Exhibition from January 28th,2012 to March 31st, 2012.
Pope.L's second exhibition at Catherine Bastide Gallery is entitled 'Three Projects' and is comprised of actually four projects.
From the ceiling, the artist has hung a large fragmented figural work that drips chocolate and is called 'A Vessel In A Vessel In A Vessel and so On' : suspended upside-down from the ceiling of the Gallery, is a larger-than-life hollow plastic statue of a saucy pirate babe, her stance and dishabille suggesting eternal Mardi Gras. Her head has been lopped off and replaced by a plaster bust of the Rev. Martin Luther King Jr., slightly smaller than life-size and coated with gold. Incandescent light glows from the interior of Pope.L's recycled pirate, and thick chocolate syrup drips from the top of the civil rights leader's head, pooling on the floor in an ever-expanding puddle that resembles spilled blood. On the serving tray in the pirate's hand, Pope.L has affixed a mirror, allowing viewers to catch their reflections against the backdrop of dark, glistening syrup. Strictly speaking, "A Vessel in a Vessel in a Vessel and So On" is a clunky chandelier. Or a supersize, nonstop syrup dispenser for some misbegotten ice cream stand. Or a ceiling-mounted vanity for someone who has everything. And that's the tip of the iceberg. Things get complicated when the metaphors loaded into Pope.L's piece spill out and draw in viewers. To my eye, the sculpture does not mock King. But it does raise profound questions about his legacy, his place in history and, most important, in public consciousness. Sexuality — and what people make of it — also enters the picture, with the endless supply of sugary sweetness oozing from the upended bust like an overflow of libido. And humor plays an essential role. The piece is both utterly ridiculous and right at home in our topsy-turvy world. It also raises questions about art's place in life, and where politics and entertainment fit in.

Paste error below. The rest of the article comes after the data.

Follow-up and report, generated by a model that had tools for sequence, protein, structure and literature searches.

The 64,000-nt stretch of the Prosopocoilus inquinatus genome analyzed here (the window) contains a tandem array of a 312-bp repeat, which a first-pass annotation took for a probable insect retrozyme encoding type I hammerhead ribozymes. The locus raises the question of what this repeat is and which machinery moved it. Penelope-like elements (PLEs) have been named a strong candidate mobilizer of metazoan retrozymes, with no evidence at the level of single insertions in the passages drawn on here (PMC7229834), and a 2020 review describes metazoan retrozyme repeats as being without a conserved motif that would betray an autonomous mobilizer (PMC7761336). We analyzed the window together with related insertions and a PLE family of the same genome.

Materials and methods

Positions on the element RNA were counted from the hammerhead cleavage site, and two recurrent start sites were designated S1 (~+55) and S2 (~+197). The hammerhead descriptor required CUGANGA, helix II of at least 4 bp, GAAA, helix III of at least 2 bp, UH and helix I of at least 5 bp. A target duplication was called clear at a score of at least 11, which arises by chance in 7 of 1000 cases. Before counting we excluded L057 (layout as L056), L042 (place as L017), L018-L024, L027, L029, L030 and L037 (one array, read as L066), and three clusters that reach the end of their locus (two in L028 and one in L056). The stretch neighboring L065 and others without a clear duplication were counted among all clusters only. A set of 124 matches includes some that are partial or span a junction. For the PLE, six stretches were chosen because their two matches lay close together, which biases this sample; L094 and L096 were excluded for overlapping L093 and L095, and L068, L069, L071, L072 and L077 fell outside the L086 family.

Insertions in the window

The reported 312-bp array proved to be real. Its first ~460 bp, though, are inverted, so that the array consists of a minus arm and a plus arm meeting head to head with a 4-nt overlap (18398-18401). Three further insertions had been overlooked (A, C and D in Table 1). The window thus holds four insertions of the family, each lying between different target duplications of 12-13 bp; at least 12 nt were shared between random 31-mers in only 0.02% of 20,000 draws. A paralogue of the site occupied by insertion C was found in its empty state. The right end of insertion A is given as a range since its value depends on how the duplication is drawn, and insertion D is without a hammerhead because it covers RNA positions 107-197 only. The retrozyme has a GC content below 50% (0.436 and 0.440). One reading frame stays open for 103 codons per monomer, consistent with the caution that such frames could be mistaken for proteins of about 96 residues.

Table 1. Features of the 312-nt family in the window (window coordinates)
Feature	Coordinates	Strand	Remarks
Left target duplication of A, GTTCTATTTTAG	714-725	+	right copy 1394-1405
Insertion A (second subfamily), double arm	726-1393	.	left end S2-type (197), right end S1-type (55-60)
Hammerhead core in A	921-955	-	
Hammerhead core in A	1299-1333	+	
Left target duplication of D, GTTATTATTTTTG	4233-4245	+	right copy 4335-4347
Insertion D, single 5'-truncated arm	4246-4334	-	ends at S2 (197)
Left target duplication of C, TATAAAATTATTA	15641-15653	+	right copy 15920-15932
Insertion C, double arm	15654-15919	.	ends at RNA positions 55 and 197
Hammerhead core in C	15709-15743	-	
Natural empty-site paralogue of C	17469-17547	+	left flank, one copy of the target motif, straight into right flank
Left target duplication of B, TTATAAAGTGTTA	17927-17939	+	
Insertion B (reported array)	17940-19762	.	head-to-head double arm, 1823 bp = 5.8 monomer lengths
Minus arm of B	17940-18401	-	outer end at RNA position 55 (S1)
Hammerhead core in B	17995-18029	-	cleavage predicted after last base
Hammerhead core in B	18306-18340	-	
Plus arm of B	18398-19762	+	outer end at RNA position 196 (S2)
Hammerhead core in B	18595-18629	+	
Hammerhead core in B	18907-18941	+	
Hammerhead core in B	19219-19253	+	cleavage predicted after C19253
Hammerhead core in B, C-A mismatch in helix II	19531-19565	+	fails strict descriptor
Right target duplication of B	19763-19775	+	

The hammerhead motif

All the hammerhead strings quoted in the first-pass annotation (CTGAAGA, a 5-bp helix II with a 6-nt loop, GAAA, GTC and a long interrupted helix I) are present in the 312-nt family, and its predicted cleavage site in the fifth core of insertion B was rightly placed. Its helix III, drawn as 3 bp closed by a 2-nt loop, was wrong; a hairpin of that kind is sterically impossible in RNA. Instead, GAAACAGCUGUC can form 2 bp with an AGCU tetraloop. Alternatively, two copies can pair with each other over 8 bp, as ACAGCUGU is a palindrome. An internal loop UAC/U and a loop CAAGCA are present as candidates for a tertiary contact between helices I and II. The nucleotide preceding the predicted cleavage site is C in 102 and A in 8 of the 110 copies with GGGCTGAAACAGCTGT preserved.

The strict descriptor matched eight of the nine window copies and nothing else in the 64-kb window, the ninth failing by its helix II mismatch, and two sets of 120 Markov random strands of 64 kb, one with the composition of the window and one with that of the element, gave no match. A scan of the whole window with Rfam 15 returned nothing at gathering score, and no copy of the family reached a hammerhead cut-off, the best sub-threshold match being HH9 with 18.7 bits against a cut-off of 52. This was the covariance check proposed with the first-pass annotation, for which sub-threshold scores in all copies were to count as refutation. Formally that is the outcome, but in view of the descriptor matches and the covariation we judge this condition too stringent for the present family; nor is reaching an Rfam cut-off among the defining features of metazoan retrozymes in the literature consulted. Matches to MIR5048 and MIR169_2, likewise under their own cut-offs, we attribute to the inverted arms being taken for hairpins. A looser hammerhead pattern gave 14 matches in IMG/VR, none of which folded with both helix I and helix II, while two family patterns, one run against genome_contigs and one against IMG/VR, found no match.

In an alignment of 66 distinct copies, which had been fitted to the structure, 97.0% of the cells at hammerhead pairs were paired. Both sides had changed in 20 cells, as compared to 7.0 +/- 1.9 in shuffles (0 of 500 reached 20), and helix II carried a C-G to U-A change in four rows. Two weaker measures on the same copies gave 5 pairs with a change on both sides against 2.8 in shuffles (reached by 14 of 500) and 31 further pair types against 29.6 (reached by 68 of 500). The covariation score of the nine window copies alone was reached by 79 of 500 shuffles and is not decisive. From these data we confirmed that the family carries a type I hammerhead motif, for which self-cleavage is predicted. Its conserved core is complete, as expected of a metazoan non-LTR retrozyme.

Two works ring the walls of the space: 21 drawings from Pope.L's ongoing racialist drawing enterprise entitled 'Skin Set'. Interspersed between the drawings at uneven intervals is ‘Polis’, a set of intimately scaled shelf pieces; each holds a single painted onion.
On the floor is a tall glass of milk entitled WELL. ‘WELL’ is a few things: a stand-in for a performer; a place-holder for a sculpture; the frame and the liquid for a painting; the image for a slideshow; a pillow for an emperor, a pixel for a value system. The piece is a performance of ways of making. In terms of time, it is a moment indexing many moments and each one is a conflation of strategies, techniques, wishes and propositions evaporating into each other.
At the entrance and at the far end of the gallery ‘two season drawings’ are hanging very low to emphasize the contrasting ways children and adults perceive the world around them.
Pope.L continues his longtime interest in the use of organic materials, a playful dispersal of media, format and language in order to create an exhibition that hovers between ideas, sensibilities, artworks and projects without loyalty to any.